In a late July I spent a week in northern and central California. I saw a gorgeous, if somewhat untidy city, San Francisco. I viewed some of the world's most beautiful vistas at Yosemite National Park. In the state's Central Valley, I encountered one of one of the world's most productive agricultural areas, a region now plagued by drought.
What was my takeaway? It's a nanny state. From the 1849 Gold Rush until the emergence of the Silicon Valley, California was the home of no holds barred capitalism. Then something went wrong--the do-gooders took over.
Take a close look at the sign on top. (To make any image larger, just click on it.) It says, "This area contains chemicals, including tobacco smoke, known to the state of California to cause cancer and/or birth defects or other reproductive harm." Okay, if there is a person over the age of seven who does not know smoking causes cancer, that individual suffers severe mental impairments. And was it the state of California the institution that finally determined tobacco causes cancer? No, it was the office of the US Surgeon General.
The sign on the top right is similar, albeit it does not mention smoking. It directs you to a web site, which essence tells you that chemicals can be bad, but doesn't tell you what to do about it. Moving to another state is an option, which a lot of Californians are doing. Not because of these signs, over-regulation and of course more oppressive Nanny-state-ism are the driving cause. High unemployment is just a symptom of the troubles of the Tarnished State.
I've managed to pump gasoline into automobiles without killing myself or blowing up a gas station for thirty years. But that yellow and black sign on the left--Warning, fire!!--would make the uninitiated think that they are stepping into the passenger bay of the Hindenburg before it famously exploded in 1937. Oh, the humanity.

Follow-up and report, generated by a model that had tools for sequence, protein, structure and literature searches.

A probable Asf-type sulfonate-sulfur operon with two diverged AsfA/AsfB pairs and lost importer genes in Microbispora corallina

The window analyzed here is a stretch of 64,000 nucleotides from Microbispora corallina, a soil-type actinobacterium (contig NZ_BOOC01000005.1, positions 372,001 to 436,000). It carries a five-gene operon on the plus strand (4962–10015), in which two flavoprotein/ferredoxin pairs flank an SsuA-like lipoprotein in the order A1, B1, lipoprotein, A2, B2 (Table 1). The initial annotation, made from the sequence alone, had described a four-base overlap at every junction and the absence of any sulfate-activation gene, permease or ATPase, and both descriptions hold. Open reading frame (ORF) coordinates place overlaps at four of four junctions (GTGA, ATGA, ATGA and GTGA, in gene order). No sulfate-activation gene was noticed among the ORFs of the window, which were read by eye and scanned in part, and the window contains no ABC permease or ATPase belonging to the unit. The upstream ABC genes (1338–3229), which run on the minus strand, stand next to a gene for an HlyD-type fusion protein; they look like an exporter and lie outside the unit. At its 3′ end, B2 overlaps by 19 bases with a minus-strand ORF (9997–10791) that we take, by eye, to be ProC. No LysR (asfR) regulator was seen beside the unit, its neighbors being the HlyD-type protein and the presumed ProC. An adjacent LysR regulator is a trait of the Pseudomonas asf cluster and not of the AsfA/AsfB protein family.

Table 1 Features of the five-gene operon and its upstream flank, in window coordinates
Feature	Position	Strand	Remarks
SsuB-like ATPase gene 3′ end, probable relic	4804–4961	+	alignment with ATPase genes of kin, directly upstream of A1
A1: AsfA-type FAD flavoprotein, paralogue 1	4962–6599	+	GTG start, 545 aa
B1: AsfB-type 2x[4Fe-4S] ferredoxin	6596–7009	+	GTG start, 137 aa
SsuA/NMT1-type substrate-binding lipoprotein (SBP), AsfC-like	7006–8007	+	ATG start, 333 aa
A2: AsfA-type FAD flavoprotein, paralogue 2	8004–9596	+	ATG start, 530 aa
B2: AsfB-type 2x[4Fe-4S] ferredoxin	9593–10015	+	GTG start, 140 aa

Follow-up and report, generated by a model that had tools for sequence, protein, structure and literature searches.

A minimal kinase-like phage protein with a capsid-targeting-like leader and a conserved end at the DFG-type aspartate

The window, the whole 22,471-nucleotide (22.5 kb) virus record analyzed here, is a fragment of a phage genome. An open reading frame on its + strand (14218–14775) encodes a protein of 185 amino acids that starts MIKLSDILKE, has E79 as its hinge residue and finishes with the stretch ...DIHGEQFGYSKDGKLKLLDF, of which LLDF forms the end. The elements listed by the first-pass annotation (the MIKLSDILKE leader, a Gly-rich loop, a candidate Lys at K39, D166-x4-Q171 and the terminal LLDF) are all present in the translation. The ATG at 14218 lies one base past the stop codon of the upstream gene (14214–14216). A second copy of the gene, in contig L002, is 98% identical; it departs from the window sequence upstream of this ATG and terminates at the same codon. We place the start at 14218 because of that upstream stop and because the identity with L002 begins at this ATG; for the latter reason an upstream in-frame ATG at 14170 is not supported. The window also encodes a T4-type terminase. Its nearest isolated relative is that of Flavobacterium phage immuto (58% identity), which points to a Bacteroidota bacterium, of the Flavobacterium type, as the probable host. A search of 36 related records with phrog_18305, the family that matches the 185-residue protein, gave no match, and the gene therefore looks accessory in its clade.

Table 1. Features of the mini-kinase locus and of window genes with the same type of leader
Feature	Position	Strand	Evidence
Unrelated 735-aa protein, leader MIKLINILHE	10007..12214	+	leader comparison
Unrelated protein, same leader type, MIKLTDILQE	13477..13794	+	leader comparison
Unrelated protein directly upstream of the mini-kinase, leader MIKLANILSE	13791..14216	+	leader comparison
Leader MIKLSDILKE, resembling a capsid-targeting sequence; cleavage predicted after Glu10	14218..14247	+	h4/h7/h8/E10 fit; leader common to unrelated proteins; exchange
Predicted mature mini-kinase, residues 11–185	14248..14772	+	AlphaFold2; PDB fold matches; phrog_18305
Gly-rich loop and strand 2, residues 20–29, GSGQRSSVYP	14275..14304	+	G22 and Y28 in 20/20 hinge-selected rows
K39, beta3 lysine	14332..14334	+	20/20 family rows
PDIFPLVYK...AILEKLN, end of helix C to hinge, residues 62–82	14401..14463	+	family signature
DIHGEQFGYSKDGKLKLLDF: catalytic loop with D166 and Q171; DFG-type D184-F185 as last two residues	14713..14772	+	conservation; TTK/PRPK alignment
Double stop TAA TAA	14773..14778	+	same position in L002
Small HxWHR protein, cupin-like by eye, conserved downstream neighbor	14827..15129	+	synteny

Still, California is worth visiting. I enjoyed my trip to San Diego in 2005, and I feel that I'm missing something because I've never been to Los Angeles. So, I plan to return to California. I just don't want to live there.
Thanks go to former Illinoisan ThirdWaveDave who gave me some great tips for the Yosemite part of the trip. And to Jack Cashill, who prepared me intellectually for my trip west with his book "What's the Matter with California?: Cultural Rumbles from the Golden State and Why the Rest of Us Should Be Shaking."
This is a political blog that delves occasionally into travel and running. My other travel series avoided political discussions, but the do-gooders, the Nanny-staters have politicized the Tarnished State to an extent that it is impossible to avoid politics when covering California. If you are offended by this series, you have my apologies. But if you've read this far, you probably agree with me.
Meanwhile, my apolitical Upper Peninsula Upventure (I'm still diggin' the alliteration thing) continues. And I'll post an occasional California pic when the mood strikes me--it's a beautiful place.
Sea and Sand
Charlie Brown and Santa Rosa
Central Valley Orchards and Drought
Shiloh Wind Farm
First National Bank of Oakdale Building
Strawberry Fields Forever
Tioga LakeNapa Valley
The Pacific Crest Trail
Glacier Point Sunset
Theodore Roosevelt, John Muir, and Yosemite
Obama's economic stimulus "campaign sign" stains Yosemite National Park
San Francisco and homelessness
Is something going on here?
San Francisco's Chinatown
Harvey Milk's Camera Shop
San Francisco's Union Square
The Painted Ladies
San Francisco and the military
Mission San Francisco de Asís
San Francisco's sea lions
San Francisco's blues mural
San Francisco: Cable cars
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